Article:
An Asian-Caribbean-American’s perspective
One place where the African and Indian Diasporas meet is in the Caribbean. After France and England abolished slavery in their holdings there, plantation owners brought Indian laborers to the Caribbean to work the fields. Most came as indentured servants — some not knowing their status until they arrived.
Dr. M. Godfrey Mungal, an associate professor of mechanical engineering at Stanford University, is sure this is how his family arrived in Trinidad, an island less than 15 miles from the coast of Venezuela that was once a colony of Great Britain.
“I feel a strong connection to Trinidad, not India,” Mungal says. “I know none of my family back there [in East Asia].”
Mungal was raised Roman Catholic and grew up in a cosmopolitan environment. His friends came from many cultural backgrounds — African, Indian, Chinese and White. He received his master’s degree and his Ph.D. at the California Institute of Technology, and decided to bypass the private sector in favor of teaching.
“Americans have an advantage over immigrants in hiring and President Reagan made it hard for immigrants to enter the regular workforce in the ’80s,” Mungal says. “But most of all, I learned from the priests at my school that educating the next generation is a good thing. You have to give back, and not just work. That’s the way I was raised, you see.”
According to the American Council on Education’s annual status report, Minorities in Higher Education, Asian Pacific American faculty — a category that includes South Asians — share some of the same burdens as other faculty of color. ACE reports that Asian scholars generally carry a heavier workload than their White male counterparts due to higher demands on their time from students, committees, and the preparation of new materials. Mungal sees that challenge as an opportunity to reach out.
“I came to Stanford as a minority hire,” he explains. “I was up-front with the university about being myself and creating my own path. You cannot disconnect the social context. Diversity has to be about having different ideas and experiences. If you have someone of a different color up there, but they have the same ideas [as White professors], then what’s the [point] of that?”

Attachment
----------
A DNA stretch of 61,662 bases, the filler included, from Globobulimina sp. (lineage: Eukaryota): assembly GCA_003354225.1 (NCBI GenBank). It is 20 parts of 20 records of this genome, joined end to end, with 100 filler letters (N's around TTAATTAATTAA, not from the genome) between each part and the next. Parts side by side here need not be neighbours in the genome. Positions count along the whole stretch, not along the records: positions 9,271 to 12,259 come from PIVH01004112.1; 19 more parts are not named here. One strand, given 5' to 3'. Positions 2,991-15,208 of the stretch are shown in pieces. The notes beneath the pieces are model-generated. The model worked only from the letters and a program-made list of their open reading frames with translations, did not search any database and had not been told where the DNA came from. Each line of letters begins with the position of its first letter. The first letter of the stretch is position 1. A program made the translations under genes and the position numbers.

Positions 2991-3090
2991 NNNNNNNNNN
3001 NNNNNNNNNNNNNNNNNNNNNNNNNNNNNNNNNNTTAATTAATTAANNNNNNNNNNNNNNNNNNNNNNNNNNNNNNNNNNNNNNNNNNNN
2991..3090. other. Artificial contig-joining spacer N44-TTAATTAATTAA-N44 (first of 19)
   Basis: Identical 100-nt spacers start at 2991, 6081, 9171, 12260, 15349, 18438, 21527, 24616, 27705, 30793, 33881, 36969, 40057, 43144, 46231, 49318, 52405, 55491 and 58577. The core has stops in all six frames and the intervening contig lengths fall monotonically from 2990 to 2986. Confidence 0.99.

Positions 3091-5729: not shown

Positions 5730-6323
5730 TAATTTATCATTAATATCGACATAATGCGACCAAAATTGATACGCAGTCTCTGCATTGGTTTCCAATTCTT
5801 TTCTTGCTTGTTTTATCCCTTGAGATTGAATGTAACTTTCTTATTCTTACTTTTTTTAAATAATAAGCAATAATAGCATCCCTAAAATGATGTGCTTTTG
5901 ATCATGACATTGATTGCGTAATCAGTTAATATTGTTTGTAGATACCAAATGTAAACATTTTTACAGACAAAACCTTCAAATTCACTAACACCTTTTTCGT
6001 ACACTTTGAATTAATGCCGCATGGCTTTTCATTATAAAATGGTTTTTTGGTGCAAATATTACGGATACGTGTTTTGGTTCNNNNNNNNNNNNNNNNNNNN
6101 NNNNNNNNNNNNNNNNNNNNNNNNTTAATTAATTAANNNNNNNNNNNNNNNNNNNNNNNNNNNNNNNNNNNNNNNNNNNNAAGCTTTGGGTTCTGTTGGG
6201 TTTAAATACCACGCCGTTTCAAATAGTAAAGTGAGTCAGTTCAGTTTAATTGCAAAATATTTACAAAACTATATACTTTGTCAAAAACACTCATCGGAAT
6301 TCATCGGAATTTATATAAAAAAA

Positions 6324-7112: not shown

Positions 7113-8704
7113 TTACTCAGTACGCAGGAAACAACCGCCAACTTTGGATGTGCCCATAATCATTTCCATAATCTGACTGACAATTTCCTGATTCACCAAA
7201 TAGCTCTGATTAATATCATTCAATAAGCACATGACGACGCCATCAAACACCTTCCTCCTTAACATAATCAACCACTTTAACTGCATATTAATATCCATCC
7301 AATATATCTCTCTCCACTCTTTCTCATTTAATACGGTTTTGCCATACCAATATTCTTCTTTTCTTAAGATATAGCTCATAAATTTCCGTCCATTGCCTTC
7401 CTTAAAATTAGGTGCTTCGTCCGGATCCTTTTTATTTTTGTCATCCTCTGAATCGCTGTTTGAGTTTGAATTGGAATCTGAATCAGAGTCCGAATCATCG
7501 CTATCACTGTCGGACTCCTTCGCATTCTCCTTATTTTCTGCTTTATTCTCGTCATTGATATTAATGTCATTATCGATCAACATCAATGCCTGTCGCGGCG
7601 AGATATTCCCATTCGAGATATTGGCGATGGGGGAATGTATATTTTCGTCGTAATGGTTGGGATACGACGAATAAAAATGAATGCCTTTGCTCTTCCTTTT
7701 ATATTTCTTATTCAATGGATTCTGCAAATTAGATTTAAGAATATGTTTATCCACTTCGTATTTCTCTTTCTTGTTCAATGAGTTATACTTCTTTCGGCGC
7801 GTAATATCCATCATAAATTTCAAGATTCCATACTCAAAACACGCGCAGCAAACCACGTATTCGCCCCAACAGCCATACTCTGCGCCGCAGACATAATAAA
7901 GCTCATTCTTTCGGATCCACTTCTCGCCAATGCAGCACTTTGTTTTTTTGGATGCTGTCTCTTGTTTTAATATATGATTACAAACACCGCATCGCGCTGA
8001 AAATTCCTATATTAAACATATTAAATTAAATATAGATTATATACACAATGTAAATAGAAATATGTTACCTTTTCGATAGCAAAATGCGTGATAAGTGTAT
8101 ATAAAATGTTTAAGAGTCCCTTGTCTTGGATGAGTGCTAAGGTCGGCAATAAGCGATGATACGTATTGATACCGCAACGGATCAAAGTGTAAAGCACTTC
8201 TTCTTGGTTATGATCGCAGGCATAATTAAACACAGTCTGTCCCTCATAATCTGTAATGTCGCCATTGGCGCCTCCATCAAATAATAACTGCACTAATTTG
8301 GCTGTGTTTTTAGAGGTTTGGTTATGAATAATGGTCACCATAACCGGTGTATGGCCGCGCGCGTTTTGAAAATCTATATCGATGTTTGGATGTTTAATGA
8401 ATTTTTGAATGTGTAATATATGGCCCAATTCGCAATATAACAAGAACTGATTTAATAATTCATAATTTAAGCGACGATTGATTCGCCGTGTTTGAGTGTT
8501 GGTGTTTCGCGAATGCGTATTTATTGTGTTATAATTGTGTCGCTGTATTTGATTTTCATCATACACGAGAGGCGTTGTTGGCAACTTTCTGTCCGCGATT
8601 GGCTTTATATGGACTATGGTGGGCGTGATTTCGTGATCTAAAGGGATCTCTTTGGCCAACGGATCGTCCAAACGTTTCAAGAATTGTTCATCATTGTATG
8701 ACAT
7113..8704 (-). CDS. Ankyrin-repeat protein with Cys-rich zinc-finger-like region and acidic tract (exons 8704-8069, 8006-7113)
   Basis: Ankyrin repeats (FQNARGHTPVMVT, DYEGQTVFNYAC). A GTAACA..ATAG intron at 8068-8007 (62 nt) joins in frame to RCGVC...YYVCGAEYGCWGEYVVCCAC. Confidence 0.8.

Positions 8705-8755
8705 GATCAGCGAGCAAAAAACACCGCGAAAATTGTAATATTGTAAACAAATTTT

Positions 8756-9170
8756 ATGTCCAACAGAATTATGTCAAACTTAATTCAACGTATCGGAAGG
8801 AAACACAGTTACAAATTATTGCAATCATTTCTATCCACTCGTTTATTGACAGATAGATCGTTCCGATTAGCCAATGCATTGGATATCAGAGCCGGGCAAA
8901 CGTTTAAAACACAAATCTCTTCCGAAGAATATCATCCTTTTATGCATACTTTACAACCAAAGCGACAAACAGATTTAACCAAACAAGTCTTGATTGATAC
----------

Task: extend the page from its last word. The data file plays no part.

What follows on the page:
Mungal is committed to mentoring students of color and says, in his observation many students are more comfortable dealing with faculty of color.
“The students will seek you out. It’s not that my White colleagues are malicious or incapable, but their life experiences might not connect them to the typical minority student,” Mungal says. “For one White faculty member in my department, his biggest decision right now might be which sport utility vehicle to buy his daughter. Now a lot of my students can’t relate to that. Some of them have worked in the fields, just like my mother did. The minority students need a friend to guide them.”
Mungal has felt the pressure of American racial politics and its attempt to pigeonhole people of color.
“I feel a close connection to the Black community and the Hispanic community here, but I consider myself a Caribbean person first,” he says. “People from the Caribbean are being forced to choose, ‘Are you Black or Latino?’ But those are not the right categories for them. It’s not what feels right inside.
“I won’t choose. I’m just not going to.”
© Copyright 2005 by DiverseEducation.com